To be fair, no company can operate without a few underperforming jobs — there are too many variables at play to achieve that level of perfection. That said, there is no reason not to try to eliminate underperformers. While estimating is only one aspect of project performance, it is the front line in the fight against underperforming projects.
Data-Driven Decisions in Optimizing Mark-up Policy
Project selection is the first filter. It answers the question, “Should we pursue this job?” If so, the next question is how much profit should we build into our bid to maximize profitability? Not all jobs are created equally when it comes to potential profitability. Just about every business has a “sweet spot” when it comes to targeting projects. Part of the answer for this question comes from the analysis outlined in the last article of this series.3
- What does an “ideal” project look like for us?
- How do we target clients who create those project opportunities?
The rest of the answer comes from bid data analysis, which highlights where a firm should be aggressive, where it should be conservative, and where it might be leaving money on the table. To analyze past bid data, a firm needs to collect and analyze the following data:
- Your total contract costs for each project that you bid
- The lowest bid for each of those projects
Let’s start with the analysis required to understand what the overall mark-up policy should be. To answer this question, you need to quantify how different mark-up percentages would have changed the result of each project that you bid. For example, if you won 100 projects with a 4% markup, how many more would you have won at 3% given your cost for each project and the lowest bid? Next, compare how profitable that decision would have been to the baseline of profitability at a 4% markup. When you aggregate the results of the analysis, they yield a graph similar to Exhibit 3, which reveals a profit-maximizing markup of roughly 4% for this sample company. The company ends up winning fewer projects but makes more money as a result.
Much like the earlier analysis of project selection, this analysis adds much greater value when determining the right mark-up policy based on bid criteria. These criteria create categories of projects for which there is a unique and optimal markup to maximize profitability within that category. Depending on the project specifics, different markups result. For example, you may find that you only want to win a project with 10 or more bidders if you have the lowest number after a significant markup of 8%. Alternatively, you might find that you consistently underbid the competition by a large margin on small projects.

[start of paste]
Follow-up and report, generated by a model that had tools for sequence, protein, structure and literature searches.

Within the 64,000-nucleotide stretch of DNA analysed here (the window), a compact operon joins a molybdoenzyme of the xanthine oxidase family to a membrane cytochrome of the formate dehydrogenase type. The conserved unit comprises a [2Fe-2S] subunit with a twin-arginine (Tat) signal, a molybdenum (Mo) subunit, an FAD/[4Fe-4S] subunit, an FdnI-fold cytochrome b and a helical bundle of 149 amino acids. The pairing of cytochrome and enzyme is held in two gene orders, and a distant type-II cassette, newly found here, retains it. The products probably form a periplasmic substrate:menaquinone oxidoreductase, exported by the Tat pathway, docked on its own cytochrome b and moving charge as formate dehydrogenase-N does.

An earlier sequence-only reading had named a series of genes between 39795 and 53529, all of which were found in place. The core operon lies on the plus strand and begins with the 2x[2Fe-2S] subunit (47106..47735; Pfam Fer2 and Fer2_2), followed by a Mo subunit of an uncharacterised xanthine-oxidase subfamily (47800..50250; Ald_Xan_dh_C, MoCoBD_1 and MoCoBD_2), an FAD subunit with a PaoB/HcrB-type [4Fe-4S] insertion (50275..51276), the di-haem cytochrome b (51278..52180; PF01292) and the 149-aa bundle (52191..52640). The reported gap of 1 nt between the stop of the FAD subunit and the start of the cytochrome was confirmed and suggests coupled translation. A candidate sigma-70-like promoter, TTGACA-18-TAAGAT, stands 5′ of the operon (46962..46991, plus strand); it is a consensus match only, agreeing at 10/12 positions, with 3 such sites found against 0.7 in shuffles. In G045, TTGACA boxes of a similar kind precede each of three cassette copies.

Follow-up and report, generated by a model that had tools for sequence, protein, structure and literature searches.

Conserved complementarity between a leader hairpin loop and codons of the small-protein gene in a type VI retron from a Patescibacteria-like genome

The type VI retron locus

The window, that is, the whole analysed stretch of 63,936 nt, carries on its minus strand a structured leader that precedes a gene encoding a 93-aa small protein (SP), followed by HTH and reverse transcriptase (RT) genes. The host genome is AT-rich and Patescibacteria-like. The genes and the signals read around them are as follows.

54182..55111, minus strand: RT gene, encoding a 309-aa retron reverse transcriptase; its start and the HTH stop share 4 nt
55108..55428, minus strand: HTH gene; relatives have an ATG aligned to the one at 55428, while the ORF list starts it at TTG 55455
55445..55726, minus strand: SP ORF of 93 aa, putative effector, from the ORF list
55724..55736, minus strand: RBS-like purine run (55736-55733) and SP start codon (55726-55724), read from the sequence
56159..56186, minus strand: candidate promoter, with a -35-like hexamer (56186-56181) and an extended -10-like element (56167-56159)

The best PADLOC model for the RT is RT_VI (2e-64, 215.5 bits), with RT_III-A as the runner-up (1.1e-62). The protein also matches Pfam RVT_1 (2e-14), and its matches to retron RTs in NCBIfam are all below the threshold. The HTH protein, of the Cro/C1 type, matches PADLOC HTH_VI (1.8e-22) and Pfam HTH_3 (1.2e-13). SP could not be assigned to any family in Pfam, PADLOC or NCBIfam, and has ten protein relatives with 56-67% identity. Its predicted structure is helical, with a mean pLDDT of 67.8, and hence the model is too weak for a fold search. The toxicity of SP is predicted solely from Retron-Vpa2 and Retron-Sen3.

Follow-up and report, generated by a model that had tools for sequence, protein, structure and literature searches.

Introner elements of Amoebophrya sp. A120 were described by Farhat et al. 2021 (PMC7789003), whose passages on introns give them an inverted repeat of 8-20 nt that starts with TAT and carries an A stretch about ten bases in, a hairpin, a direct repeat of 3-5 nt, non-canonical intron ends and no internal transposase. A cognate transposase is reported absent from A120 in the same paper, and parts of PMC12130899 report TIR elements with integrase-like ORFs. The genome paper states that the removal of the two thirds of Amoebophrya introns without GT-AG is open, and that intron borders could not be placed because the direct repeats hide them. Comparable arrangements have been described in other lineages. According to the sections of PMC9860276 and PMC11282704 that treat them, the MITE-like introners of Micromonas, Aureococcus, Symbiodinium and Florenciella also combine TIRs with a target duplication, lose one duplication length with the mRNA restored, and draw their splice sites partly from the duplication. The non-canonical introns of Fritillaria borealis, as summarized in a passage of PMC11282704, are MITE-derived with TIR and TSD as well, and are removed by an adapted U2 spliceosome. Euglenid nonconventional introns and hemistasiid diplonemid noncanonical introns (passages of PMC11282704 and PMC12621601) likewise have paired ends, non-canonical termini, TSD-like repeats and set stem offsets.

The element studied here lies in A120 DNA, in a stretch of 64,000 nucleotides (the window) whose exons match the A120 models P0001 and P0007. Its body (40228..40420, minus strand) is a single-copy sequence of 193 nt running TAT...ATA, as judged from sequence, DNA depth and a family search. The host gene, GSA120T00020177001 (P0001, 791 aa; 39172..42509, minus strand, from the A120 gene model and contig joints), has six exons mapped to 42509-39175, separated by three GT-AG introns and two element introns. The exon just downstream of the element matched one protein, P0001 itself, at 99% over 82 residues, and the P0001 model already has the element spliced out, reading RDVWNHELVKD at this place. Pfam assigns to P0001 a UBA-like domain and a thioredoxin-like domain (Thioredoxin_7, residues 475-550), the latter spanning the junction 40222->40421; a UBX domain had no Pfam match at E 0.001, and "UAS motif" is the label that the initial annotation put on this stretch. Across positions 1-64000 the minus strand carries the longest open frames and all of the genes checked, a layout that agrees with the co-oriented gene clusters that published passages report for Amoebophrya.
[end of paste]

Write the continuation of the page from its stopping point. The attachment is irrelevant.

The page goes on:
In practice, using the three example bid criteria to conduct analysis may result in three separate mark-up percentages for an upcoming project. Making the final call will come down to old-fashioned, managerial decision-making based on these analyses.
Applying the two analyses above to your organization creates a fact-based filter for project selection and a data-driven mark-up policy that maximizes profitability for the firm in project pursuits. Obviously, a firm must also understand its true costs and execute in the field to ensure successful project outcomes. Nonetheless, sound project selection and pricing approaches are essential first steps toward superior performance.
Rick Tison is a consultant with FMI Corporation. He can be reached at 919.785.9237 or via email at firstname.lastname@example.org. David Madison is a consultant with FMI Corporation. He can be reached at 919.785.9213 or via email at email@example.com. Tyler Paré is a consultant with FMI Corporation. He can be reached at 813.636.1266 or via email at firstname.lastname@example.org.
1 Clancy, Mike. Estimating for Advantage: It’s a Hard, Hard, Hard (Bid) World. FMI Quarterly. July 2010.
2 Tyler Pare, David Madison, Rick Tison. “Deconstructing Data.” FMI Quarterly, 2014 Issue 3.
3 David Madison, Tyler Pare, Rick Tison. “Data Driven Business Development.” FMI Quarterly, 2015 Issue 1.